This purpose is important. Shells which are not part of the base distribution, but are instead installed from ports or packages, are installed in /usr/local/bin; which, by default, resides on a different file system. If root’s shell is located in /usr/local/bin and the file system containing /usr/local/bin is not mounted, root could not log in to fix a problem, and the sysadmin would have to reboot into single-user mode to enter the shell’s path.

Advanced questions

Here are the even more difficult questions you may encounter:

  1. How does tracert work and what protocol does it use?

The command tracert—or traceroute depending on the operating system—allows you to see exactly what routers you touch as you move through the chain of connections to your final destination. If you end up with a problem where you can’t connect to or ping your final destination, a tracert can help in that you can tell exactly where the chain of connections stops. (Citation)

With this information, you can contact the correct people; whether it be your own firewall, your ISP, your destination’s ISP, or somewhere in the middle. The tracert command—like ping—uses the ICMP protocol, but also can use the first step of the TCP three-way handshake to send SYN requests for a response.

  1. What is the main advantage of using chroot? When and why do we use it? What is the purpose of the mount /dev, mount /proc, and mount /sys commands in a chroot environment? 

An advantage of having a chroot environment is that the filesystem is isolated from the physical host, since chroot has a separate filesystem inside your filesystem. The difference is that chroot uses a newly created root (/) as its root directory.

A chroot jail lets you isolate a process and its children from the rest of the system. It should only be used for processes that don’t run as root, as root users can break out of the jail easily.

The idea is that you create a directory tree where you copy or link in all of the system files needed for the process to run. You then use the chroot() system call to tell it the root directory now exists at the base of this new tree, and then start the process running in that chroot’d environment. Since the command then can’t reference paths outside the modified root directory, it can’t perform operations (read, write, etc.) maliciously on those locations. (Citation)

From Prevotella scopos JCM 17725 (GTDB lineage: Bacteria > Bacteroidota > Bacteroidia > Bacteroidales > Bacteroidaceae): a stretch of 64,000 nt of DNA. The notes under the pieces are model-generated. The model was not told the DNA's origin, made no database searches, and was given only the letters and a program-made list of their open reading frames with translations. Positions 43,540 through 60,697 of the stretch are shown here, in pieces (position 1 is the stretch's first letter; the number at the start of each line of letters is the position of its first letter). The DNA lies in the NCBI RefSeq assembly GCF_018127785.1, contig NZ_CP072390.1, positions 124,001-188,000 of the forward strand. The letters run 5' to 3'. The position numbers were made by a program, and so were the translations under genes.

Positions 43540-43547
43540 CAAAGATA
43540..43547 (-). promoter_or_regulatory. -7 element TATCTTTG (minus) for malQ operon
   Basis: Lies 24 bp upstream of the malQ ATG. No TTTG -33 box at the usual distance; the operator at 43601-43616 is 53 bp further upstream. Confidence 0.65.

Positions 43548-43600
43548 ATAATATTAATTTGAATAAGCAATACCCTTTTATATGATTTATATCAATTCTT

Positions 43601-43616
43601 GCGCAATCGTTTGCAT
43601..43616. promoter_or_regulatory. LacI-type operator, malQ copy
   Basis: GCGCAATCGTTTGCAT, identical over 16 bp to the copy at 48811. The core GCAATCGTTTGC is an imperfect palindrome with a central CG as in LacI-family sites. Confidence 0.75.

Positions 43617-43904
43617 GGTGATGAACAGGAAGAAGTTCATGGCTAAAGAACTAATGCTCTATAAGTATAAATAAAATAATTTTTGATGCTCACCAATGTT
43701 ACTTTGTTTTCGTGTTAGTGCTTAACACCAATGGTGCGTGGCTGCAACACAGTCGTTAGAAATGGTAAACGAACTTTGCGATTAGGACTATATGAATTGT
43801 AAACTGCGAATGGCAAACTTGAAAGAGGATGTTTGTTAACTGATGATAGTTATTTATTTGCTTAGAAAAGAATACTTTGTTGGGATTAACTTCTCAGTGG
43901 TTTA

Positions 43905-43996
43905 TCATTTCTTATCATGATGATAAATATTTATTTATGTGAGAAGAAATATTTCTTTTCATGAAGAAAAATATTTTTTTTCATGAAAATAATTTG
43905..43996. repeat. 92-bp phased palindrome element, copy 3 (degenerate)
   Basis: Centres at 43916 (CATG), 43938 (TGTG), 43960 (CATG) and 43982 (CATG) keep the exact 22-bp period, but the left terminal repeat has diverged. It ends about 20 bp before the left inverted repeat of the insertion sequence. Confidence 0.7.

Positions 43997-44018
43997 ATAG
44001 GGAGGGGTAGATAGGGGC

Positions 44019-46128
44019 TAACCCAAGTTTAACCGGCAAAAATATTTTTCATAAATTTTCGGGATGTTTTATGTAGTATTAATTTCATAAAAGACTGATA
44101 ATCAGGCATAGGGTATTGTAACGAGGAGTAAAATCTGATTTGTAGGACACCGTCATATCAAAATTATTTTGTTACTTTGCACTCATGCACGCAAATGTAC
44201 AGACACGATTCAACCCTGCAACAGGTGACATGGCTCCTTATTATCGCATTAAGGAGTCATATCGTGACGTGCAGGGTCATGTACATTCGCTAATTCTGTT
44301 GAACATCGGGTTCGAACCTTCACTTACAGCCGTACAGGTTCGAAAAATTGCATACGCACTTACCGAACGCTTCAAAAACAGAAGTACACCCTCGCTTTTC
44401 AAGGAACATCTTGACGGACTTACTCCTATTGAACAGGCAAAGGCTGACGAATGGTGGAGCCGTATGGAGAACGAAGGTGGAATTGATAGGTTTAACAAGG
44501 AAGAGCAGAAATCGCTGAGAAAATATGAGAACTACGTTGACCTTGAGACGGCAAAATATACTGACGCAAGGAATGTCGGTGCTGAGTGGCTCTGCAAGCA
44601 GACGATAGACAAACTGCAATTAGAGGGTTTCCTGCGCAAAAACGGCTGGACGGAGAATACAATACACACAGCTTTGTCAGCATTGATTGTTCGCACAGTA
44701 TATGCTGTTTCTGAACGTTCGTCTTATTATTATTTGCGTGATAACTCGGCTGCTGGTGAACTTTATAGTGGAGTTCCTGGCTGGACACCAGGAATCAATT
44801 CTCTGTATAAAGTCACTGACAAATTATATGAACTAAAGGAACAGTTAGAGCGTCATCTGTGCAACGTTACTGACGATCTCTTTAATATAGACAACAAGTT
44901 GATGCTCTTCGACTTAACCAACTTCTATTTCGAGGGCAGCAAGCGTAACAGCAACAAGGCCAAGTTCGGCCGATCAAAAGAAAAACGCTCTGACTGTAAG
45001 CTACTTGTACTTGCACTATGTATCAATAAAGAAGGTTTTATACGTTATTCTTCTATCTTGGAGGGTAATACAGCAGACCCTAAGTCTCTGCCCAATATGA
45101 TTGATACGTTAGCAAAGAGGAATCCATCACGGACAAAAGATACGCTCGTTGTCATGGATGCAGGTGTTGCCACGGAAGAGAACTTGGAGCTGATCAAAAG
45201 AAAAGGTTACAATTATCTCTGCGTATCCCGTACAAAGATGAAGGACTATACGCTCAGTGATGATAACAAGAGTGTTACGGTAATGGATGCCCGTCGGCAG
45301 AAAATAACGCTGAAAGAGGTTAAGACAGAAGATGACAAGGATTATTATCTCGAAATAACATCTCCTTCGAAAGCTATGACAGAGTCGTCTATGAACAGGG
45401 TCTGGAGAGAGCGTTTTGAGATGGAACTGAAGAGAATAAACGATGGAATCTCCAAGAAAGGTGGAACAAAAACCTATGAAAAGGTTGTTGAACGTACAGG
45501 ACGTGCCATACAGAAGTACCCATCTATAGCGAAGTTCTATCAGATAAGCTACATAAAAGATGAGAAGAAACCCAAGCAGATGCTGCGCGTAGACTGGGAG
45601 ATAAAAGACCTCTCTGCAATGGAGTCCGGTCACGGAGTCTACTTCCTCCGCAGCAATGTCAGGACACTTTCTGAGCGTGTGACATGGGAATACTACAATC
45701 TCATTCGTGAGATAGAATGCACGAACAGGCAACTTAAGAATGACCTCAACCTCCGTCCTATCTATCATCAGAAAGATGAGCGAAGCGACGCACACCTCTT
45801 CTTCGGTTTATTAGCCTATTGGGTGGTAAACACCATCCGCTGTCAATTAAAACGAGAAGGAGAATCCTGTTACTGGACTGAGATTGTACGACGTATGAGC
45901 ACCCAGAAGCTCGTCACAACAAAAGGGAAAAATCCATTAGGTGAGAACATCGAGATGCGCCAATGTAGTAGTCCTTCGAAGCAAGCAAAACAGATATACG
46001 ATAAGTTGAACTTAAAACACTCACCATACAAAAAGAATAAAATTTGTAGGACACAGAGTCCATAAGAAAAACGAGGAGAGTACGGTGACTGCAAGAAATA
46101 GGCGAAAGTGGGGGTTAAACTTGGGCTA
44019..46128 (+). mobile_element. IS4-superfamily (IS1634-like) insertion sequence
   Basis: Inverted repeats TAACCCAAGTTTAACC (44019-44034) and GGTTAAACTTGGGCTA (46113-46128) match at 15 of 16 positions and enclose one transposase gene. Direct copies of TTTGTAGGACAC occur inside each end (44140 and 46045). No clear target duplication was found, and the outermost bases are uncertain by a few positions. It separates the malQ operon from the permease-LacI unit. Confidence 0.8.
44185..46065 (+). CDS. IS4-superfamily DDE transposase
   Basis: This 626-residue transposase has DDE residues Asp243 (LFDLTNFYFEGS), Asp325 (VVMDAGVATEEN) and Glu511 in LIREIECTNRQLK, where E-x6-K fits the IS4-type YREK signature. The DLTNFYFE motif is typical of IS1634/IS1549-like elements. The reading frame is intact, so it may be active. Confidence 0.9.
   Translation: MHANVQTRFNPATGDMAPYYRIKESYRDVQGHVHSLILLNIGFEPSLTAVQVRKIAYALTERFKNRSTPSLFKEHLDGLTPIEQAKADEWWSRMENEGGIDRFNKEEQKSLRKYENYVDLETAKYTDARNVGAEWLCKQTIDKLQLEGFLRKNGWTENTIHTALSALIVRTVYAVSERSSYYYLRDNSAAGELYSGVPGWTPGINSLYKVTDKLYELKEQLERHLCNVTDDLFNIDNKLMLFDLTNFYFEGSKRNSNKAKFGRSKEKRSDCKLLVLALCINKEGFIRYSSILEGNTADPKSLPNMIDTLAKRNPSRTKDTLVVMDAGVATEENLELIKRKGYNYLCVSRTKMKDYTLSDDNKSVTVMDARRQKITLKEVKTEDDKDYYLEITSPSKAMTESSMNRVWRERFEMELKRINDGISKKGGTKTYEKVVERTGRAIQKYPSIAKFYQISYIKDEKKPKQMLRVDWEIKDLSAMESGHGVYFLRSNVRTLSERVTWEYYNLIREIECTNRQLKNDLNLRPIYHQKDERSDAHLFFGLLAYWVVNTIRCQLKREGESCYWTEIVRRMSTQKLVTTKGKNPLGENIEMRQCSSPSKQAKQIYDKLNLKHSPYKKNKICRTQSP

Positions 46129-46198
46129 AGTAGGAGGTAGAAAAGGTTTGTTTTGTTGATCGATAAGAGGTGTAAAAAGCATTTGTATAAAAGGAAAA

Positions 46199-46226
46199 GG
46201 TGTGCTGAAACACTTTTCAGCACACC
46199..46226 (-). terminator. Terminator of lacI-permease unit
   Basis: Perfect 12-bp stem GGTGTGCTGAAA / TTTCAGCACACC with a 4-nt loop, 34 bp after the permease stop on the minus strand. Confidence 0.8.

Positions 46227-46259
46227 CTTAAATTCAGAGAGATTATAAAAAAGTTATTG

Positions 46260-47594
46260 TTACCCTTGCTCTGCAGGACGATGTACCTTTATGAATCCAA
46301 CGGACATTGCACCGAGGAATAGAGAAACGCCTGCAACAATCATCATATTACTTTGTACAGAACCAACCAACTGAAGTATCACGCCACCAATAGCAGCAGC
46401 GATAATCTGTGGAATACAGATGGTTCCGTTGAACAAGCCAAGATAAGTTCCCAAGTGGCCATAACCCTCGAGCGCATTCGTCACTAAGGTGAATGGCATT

1. How do you protect your system from getting hacked?

By following the principle of least privileges and these practices:

  • Encrypt with public keys, which provides excellent security.
  • Enforce password complexity.
  • Understand why you are making exceptions to the rules above.
  • Review your exceptions regularly.
  • Hold someone to account for failure. (It keeps you on your toes.) (Citation)
  1. What is LVM, and what are the advantages of using it?

LVM, or Logical Volume Management, uses a storage device management technology that gives users the power to pool and abstract the physical layout of component storage devices for easier and flexible administration. Using the device mapper Linux kernel framework, the current iteration (LVM2) can be used to gather existing storage devices into groups and allocate logical units from the combined space as needed.

  1. What are sticky ports?

Sticky ports are one of the network administrator’s best friends and worst headaches. They allow you to set up your network so that each port on a switch only permits one (or a number that you specify) computer to connect on that port, by locking it to a particular MAC address.

  1. Explain port forwarding?

When trying to communicate with systems on the inside of a secured network, it can be very difficult to do so from the outside—and with good reason. Therefore, the use of a port forwarding table within the router itself, or other connection management device, can allow specific traffic to automatically forward to a particular destination. For example, if you had a web server running on your network and you wanted to grant access to it from the outside, you would set up port forwarding to port 80 on the server in question. This would mean that anyone entering your IP address in a web browser would connect to the server’s website immediately.

Please note, it is usually not recommended to allow access to a server from the outside directly into your network.

  1. What is a false positive and false negative in the case of IDS?

When the Intrusion Detection System (IDS) device generates an alert for an intrusion which has actually not happened, this is false positive. If the device has not generated any alert and the intrusion has actually happened, this is the case of a false negative.

  1. Explain :(){ :|:& };: and how to stop this code if you are already logged into the system?

This is a fork bomb. It breaks down as follows:

  • :() defines the function, with : as the function name, and the empty parenthesis shows that it will not accept any arguments.
  • { } shows the beginning and end of the function definition.